2.5 Children. According to the Korean government, in principle children seeking asylum are not placed in immigration detention. However, children can be detained alongside their parents when their parents so request, or if no guardian is available to care for the child while their parents are detained.[39] In such circumstances, children are placed in special rooms and an officer is designated to take care of them.[40] In 2019, the government also reported that migrant children under the age of 14 may be placed in detention only when deemed “unavoidable to ensure the safety of such children.”[41]

The Immigration Control Act does not contain specific provisions regarding the detention of migrant children—although Article 56-3 does provide that people under the age of 18 who are detained should be given special attention by staff in detention centres. Article 4(2) of the Rules on the Protection of Foreigners states that the head of a detention centre may grant permission to a detained non-citizen to bring a child under the age of 14 who is not subject to detention into the facility, if the non-citizen is the sole supporter of the child. A non-citizen may also bring a child under the age of three into the facility, even if another person wants to support the child, if they are the child’s parent. In cases where children enter the detention facility to join their parents, there should be minimal restrictions on their actions and movements (Rules on the Protection of Foreigners, Article 4(3)). The Rules on the Protection of Foreigners also include provisions on education and protection of children in detention centres. Article 4(4) states that the head of the immigration detention facility may, in accordance with the age of the child, provide educational services or delegate educational support to charitable organisations. Article 9(5) stipulates that, if necessary, the head of the centre may provide a separate family room for children and parents to live together.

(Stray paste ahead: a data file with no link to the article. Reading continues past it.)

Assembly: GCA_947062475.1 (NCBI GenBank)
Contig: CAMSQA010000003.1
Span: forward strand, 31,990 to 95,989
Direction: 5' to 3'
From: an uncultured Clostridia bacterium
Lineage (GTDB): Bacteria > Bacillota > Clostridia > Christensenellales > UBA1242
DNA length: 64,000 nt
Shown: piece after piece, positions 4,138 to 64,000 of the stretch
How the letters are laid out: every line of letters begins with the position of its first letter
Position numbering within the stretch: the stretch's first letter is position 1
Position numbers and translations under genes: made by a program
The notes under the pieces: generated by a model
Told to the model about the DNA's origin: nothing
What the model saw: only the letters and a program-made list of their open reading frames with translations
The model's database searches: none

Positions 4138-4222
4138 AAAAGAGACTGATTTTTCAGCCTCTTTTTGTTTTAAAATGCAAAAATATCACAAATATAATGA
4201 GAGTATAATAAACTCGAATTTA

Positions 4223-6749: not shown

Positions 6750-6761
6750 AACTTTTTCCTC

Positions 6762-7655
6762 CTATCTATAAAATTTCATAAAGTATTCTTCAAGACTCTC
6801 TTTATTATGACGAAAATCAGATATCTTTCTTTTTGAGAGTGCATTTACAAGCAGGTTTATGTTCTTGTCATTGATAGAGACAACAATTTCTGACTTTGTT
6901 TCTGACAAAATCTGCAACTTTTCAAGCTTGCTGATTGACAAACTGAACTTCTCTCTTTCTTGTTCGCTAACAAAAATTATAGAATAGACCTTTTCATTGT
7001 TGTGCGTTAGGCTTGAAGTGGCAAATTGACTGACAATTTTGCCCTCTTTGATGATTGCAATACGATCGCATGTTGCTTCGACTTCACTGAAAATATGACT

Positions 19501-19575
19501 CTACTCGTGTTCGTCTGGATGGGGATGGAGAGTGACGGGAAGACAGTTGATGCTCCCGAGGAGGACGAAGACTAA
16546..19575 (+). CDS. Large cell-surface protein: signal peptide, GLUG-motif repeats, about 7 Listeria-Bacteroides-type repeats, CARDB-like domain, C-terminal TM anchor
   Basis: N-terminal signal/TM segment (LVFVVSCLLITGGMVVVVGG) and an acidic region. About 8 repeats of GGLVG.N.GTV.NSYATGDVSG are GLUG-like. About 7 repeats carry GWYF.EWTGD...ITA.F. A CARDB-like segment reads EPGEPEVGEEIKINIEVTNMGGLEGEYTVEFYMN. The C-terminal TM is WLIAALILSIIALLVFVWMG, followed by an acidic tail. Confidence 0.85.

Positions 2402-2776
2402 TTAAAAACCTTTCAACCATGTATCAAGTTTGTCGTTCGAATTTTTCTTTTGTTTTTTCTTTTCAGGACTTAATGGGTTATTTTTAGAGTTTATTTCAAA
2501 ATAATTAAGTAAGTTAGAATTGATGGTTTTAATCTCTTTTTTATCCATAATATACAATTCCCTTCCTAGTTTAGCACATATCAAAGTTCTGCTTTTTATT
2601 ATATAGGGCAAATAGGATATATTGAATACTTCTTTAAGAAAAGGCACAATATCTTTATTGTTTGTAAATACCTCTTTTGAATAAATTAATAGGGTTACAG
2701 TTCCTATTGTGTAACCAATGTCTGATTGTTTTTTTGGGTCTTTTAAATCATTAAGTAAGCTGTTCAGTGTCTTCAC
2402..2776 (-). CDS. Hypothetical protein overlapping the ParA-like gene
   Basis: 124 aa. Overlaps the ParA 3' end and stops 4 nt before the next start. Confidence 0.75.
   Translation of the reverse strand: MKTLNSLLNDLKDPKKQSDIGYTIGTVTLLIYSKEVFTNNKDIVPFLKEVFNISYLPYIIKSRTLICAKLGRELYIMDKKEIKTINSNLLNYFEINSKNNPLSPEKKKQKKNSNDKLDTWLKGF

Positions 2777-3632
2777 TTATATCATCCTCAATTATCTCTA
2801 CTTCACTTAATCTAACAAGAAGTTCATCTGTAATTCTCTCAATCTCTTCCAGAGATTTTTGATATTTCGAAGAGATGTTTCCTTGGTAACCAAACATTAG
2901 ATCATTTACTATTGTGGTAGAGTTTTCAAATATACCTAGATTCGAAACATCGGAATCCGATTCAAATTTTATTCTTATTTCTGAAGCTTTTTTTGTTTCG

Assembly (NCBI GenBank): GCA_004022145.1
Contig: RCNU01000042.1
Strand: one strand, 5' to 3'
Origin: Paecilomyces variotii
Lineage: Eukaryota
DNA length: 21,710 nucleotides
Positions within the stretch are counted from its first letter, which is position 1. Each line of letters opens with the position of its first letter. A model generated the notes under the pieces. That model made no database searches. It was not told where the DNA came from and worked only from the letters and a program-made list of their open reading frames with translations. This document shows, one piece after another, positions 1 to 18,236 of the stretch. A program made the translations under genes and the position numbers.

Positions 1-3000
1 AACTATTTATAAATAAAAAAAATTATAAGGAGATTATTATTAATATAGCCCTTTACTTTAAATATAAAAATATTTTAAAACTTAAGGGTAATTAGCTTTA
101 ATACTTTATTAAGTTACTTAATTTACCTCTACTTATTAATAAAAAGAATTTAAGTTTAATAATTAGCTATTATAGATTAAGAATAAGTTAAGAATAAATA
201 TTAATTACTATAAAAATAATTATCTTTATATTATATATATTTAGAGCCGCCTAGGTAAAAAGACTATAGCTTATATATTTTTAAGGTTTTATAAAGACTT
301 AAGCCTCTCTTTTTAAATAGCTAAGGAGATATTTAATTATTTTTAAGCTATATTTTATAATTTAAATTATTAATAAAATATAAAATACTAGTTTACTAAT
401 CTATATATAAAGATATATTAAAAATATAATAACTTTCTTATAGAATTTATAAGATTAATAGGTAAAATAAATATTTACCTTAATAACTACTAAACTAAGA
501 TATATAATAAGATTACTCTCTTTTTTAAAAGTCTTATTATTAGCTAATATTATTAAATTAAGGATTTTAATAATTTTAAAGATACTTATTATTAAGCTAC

Non-citizens usually have no alternative way of ensuring that their child is protected and well cared-for; as such, they will usually give consent for their children to be detained with them. This has led NGOs to argue that detention of migrant children is “practically compulsory.”[42] In 2015, a coalition of NGOs recommended that the government institute an “exception free principle of non-detainment of children.”[43]

The NHRCK reported that between 2015 and 2017, a total of 225 children were detained, including a two-year old girl who was detained for 50 days.[44] In 2018, the NHRCK stated in its review of the upcoming revision to the Immigration Control Act that detention should never be applied to a child unless detention is in the best interests of the child.[45]

The Korean Immigration Office has also previously prevented non-citizens and their undocumented children from leaving the country, if the non-citizens have outstanding fines resulting from their failure to register their children as foreigners. In 2017, two families with undocumented children attempted to voluntarily leave the country, but were prevented by airport immigration officers at Gimpo and Incheon Airport. Immigration officers at both airports ordered each family to pay administrative fines of 2.2 million KRW (approximately 1,900 USD) and 850,000 KRW (approximately 733 USD) respectively, and notified them that they would not be able to leave the country until the fines were paid.[46] NGOs have criticised the Korean government for restricting migrant children’s freedom to exit the country on the basis of their undocumented status.[47]